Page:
2014-04-11

iDoubt: When Faith Falters

By C.P. Fagan  


This is a dangerous book. It asks questions not often asked, and it doesn’t actually give any answers. But sometimes, being able to ask questions is a powerful part of the healing.

The author is an enigma, about as well hidden as a superhero’s secret identity. Might be a catholic priest. Might not.

Eat the meat & spit out the bones. This is not a book that’s going to hand you nice clean answers on a plate. It will help you think.

The publisher says this:

You want to believe in God. At one time, it was so simple. God loved you and you loved God. And that was it. For a season, you were committed to Christ. But the season passed. Unfortunately, life hit you hard and you began to have doubts. Your doubts grew and your faith shrunk. It was like a cancer that no amount of prayer could stop. You turned to the church for answers, but your issues were never fully addressed. You were an inconvenience, rather than a person who needed sincere help. Your doubt about God’s love and his very existence was unfathomably uncomfortable to others. Somewhere along the line, it seemed like you were forgotten. Forgotten by God. Forgotten by your church. Forgotten by other Christians.

You prayed earnestly, but God and church seemed to drift farther away. You were like a scuba diver chasing after his boat that was adrift in the ocean. Eventually, your faith was lost on the horizon.

The loss of your faith left you empty. It also left you wondering whether it had ever been real. Was God just a fairy tale? Did your life really have meaning? Why did other Christians seem to despise you for raising these questions?

Your life has gone on, but you can’t get Christ out of your head. You know that you must deal with him, but don’t know how. You want to be loved, but have no idea of how to find your way back to him. Is it worth the hassle?

Faith seems so easy for others, but not for you. You are tired of trying to justify your misgivings to other Christians. You have doubts about God’s existence, the fairness in the universe, and misgivings about church. But you still hope, even though you don’t know why.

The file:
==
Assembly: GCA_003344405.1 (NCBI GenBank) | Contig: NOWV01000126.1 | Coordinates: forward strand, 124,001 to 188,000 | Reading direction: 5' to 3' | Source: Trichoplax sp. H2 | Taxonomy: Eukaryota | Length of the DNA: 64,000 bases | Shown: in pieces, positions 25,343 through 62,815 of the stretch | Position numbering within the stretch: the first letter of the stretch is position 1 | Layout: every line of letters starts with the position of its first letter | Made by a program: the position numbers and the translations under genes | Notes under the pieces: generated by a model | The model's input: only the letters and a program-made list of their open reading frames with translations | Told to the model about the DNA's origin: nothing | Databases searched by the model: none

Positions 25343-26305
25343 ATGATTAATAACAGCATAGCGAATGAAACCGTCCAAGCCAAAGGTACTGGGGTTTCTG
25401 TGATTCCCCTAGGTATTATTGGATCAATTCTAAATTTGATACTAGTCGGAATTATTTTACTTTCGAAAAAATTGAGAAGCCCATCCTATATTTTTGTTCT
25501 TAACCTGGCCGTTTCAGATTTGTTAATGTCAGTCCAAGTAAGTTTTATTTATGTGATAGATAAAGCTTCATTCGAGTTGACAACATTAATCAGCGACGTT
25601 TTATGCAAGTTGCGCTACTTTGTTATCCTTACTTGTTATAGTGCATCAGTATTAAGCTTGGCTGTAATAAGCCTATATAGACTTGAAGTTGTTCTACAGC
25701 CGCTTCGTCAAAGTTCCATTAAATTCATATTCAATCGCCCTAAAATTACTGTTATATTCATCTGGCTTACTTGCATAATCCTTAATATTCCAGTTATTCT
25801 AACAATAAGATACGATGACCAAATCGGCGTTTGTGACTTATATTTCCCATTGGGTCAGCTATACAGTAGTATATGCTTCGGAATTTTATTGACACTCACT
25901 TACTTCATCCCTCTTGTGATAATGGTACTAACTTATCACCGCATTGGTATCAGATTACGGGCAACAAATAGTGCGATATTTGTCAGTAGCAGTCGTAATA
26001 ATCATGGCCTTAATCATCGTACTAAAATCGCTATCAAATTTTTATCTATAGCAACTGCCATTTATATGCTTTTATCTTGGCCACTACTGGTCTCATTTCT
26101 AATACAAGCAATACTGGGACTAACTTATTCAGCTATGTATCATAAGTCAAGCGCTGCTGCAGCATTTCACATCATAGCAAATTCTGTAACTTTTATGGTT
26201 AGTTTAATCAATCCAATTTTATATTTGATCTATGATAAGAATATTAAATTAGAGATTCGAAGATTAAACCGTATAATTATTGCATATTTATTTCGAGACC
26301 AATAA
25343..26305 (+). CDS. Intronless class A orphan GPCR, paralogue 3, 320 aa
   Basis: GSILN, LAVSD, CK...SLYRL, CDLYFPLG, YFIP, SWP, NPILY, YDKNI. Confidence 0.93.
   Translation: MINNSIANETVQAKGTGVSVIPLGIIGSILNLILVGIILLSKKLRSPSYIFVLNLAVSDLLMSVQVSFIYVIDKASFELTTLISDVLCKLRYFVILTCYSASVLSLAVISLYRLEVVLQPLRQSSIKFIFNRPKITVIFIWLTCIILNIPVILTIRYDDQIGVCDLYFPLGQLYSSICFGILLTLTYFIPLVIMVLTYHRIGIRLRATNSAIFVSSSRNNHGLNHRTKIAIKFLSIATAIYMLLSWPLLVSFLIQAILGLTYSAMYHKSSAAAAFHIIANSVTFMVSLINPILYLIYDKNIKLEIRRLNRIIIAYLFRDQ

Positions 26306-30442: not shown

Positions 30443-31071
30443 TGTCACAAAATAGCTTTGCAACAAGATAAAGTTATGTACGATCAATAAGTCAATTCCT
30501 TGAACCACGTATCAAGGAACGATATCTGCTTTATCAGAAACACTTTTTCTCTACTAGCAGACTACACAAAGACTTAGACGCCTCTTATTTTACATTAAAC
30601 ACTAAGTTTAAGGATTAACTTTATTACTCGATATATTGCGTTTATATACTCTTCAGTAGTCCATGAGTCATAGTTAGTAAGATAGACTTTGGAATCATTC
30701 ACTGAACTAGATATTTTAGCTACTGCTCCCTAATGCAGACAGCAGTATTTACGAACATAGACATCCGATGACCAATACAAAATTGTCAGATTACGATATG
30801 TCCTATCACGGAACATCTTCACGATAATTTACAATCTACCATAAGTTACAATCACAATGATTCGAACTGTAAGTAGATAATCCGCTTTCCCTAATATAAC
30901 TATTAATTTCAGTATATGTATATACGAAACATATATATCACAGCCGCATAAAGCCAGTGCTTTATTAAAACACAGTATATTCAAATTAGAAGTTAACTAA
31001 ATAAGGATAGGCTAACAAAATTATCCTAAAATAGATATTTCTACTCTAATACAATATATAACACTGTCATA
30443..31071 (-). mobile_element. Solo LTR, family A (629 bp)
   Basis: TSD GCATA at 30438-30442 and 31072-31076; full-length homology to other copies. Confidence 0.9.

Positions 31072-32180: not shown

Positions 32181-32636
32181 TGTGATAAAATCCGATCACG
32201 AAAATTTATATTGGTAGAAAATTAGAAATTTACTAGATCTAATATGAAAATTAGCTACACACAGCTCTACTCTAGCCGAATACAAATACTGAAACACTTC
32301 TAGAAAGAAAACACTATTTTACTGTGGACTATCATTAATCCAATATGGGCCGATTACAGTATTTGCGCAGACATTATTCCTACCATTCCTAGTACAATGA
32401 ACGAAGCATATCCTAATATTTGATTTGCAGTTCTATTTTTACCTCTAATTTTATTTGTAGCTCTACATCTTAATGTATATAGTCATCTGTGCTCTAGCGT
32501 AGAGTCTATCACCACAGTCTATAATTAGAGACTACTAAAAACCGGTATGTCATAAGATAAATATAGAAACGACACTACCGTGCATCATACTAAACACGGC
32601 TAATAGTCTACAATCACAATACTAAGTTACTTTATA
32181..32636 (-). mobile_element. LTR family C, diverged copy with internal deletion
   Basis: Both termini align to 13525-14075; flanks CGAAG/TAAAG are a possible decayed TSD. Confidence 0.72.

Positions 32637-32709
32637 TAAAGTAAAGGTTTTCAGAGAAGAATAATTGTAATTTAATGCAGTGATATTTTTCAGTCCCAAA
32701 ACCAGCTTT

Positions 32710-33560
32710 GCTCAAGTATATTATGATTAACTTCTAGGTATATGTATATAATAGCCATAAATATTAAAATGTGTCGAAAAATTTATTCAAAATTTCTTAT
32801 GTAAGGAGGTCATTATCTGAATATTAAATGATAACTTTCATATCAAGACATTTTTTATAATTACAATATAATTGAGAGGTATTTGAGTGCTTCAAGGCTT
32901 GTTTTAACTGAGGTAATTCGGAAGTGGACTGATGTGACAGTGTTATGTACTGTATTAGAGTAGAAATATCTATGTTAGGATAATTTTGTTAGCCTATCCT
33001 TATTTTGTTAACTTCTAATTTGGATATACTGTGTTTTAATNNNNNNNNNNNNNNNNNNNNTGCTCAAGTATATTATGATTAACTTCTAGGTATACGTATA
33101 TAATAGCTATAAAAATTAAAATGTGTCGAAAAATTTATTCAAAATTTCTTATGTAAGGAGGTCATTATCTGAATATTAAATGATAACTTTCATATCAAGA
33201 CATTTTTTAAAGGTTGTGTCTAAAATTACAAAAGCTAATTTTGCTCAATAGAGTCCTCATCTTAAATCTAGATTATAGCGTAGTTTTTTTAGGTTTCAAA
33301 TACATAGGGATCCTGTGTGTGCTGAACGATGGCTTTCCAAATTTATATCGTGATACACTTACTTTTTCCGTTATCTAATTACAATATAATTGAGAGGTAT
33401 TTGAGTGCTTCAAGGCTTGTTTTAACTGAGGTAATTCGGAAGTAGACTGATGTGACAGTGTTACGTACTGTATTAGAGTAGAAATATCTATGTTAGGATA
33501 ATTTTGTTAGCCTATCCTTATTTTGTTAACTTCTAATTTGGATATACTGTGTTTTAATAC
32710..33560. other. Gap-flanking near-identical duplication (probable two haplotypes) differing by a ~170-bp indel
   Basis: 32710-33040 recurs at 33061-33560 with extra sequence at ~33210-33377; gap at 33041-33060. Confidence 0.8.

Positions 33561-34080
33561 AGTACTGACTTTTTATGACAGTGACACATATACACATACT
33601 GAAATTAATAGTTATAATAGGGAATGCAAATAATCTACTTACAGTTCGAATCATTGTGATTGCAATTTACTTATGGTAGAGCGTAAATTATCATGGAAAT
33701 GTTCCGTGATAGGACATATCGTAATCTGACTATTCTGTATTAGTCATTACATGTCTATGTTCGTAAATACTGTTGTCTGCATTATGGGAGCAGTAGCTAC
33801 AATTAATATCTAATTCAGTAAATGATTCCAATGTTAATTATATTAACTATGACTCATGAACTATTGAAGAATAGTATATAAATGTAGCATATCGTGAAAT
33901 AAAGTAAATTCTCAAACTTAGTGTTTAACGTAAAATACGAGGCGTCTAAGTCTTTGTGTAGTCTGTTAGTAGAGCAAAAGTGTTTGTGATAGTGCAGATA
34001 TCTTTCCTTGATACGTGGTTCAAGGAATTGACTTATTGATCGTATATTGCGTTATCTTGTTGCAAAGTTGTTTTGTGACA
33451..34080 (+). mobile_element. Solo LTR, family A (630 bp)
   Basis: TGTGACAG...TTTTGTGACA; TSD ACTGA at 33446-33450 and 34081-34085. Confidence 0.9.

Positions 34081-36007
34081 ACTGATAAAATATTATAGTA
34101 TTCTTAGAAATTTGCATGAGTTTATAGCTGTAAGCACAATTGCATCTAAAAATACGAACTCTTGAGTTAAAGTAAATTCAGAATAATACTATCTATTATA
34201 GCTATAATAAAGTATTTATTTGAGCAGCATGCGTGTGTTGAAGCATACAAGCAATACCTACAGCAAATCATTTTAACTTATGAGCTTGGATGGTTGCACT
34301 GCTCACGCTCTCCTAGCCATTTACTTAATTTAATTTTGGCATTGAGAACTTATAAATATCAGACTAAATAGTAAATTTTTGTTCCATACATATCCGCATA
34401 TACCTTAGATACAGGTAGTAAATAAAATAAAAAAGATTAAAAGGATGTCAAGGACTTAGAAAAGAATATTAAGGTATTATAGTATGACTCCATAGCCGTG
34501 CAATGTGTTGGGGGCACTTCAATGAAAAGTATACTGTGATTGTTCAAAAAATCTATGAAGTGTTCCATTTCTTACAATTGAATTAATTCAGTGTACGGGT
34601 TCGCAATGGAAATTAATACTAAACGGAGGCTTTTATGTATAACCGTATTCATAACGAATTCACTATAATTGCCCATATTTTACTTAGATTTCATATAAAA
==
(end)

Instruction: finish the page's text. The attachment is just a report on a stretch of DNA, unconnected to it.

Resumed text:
This book tackles heady issues that are rarely discussed in church. How can you overcome doubts that plague you? Can you be a Christian if your faith waivers from day-to-day? Is hell fair? Why does God stay hidden? Does death make sense? How does faith co-exist with science? Will the church knock off judging everyone? What if you want to love God but don’t want to go back to church? Is that possible?

The answers don’t always come easy, but you won’t be treated as an outcast when reading this book. The goal is to discuss out loud what is normally only whispered in churches. Not all Christians are alike. Not all faith is alike. But faith can be found in a troubled world.

And the reviews are mixed:

I thought this book was pretty well written and interesting. More than that, it's a fairly brutal look at some of the more common issues that drive people away from church (or more importantly, faith in God). I relate personally with a lot of the examples used, especially those related to growing up in the fundamentalist church.

Unfortunately, I don't think this book presents a compelling argument against most of these doubts. Instead, the issues that plague many skeptics seem to be trivialized.

One clear example: when considering whether a loving God would send people to hell, Mr. Fagan tells us not to worry about the eternal fate of others. Instead, "Focus on the offer that has been made to you. You are free to accept God's grace and escape hell. Period." So...we should celebrate because we're all good even though our 'loving' God may be condemning millions to eternal suffering?

Also, Fagan (like many apologists) ignores a key point in his discussion of inerrancy. If the Bible contains errors (quite a few are documented) and/or uses poetry or allegory interchangeably with fact, how are we to trust our personal or even historical interpretation of the "overarching message of Scripture"?

Finally, some, after reading the Bible, could come to the conclusion that all this talk about 'personal relationships' with God, or God caring about you as an individual is nothing more than a modern attempt to make God more approachable. I thought the chapter on suffering/death could have addressed this, but again comes across as a bit trite..."God uses horrific instances to ultimately bring about good things." What believers fail to say is that those horrific instances may directly impact or kill us. God's 'good' things may have nothing to do with our good here on earth...they may be at our expense.

Criticisms aside, I think this is a compelling book that will force anyone to reevaluate their faith (or lack thereof).